|10 November 2014
Huge Jordanian stone circles baffle archaeologists
Archaeologists in Jordan have taken high-resolution aerial images of 11 ancient "Big Circles," all but one of which are around 400 meters in diameter. The similarity seems "too close to be a coincidence" said researcher David Kennedy, a professor at the University of Western Australia.
The Big Circles were built with low stone walls, little more than a metre high, and originally contained no openings. Their purpose is unknown, and archaeologists are unsure when they were built. Analysis of the photographs, as well as artefacts found on the ground, suggest the circles date back at least 2,000 years, but may be much older.
First spotted by aircraft in the 1920s, little research has focused on these structures.
In addition to the 11 photographed circles, researchers have identified another similar circle in Jordan, which appears to have been only partially completed. Old satellite imagery also reveals two destroyed circles, one in Jordan and another in Syria.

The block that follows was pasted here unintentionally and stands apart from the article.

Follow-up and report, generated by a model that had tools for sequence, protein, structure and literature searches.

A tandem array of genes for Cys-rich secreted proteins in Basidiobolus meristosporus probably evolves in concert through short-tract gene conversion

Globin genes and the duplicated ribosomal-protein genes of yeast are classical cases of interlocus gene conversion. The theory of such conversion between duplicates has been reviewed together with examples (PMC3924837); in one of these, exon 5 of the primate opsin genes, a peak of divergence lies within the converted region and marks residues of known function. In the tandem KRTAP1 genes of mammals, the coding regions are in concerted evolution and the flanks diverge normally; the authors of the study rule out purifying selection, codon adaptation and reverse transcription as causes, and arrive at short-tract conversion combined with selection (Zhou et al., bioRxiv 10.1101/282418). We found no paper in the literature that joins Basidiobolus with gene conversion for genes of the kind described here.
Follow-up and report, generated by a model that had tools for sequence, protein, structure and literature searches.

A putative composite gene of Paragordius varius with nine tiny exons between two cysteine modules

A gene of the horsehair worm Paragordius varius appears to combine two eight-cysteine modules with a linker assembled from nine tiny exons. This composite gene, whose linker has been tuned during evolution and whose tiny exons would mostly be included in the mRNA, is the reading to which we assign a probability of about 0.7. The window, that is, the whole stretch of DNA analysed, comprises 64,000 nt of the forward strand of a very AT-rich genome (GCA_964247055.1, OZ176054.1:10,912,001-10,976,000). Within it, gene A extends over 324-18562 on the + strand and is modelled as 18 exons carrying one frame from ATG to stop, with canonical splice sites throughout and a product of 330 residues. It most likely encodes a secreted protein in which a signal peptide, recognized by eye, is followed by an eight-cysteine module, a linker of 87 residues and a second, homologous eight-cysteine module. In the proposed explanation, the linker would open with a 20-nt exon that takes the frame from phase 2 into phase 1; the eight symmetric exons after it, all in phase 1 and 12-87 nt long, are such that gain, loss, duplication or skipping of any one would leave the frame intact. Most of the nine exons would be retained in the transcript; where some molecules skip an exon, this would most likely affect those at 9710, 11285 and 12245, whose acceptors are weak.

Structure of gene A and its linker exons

Constructed mainly with local rocks, Kennedy thinks a dozen people working hard could potentially complete a Big Circle in a week, however their precise shape would have required planning.
Archaeologists Graham Philip and Jennie Bradbury, both with Durham University in England, examined a Big Circle they found near Homs in Syria, positioned in such a way that it could give someone standing inside it a "panoramic" view of a basin that would have held crops and settlements. While the circle was "badly damaged" when the researchers found it, they completed their fieldwork before land development completely destroyed the structure.
Kennedy's team has found thousands of stone structures in Jordan and the broader Middle East. They come in a variety of shapes, including "Wheels" (circular structures with radiating spokes); Kites (stone structures that forced animals to run into a kill zone); Pendants (rows of stone cairns aligned with burials); and walls (mysterious structures that meander across the landscape for up to several thousand meters, and have no apparent practical use).
Edited from LiveScience (30 October 2014)
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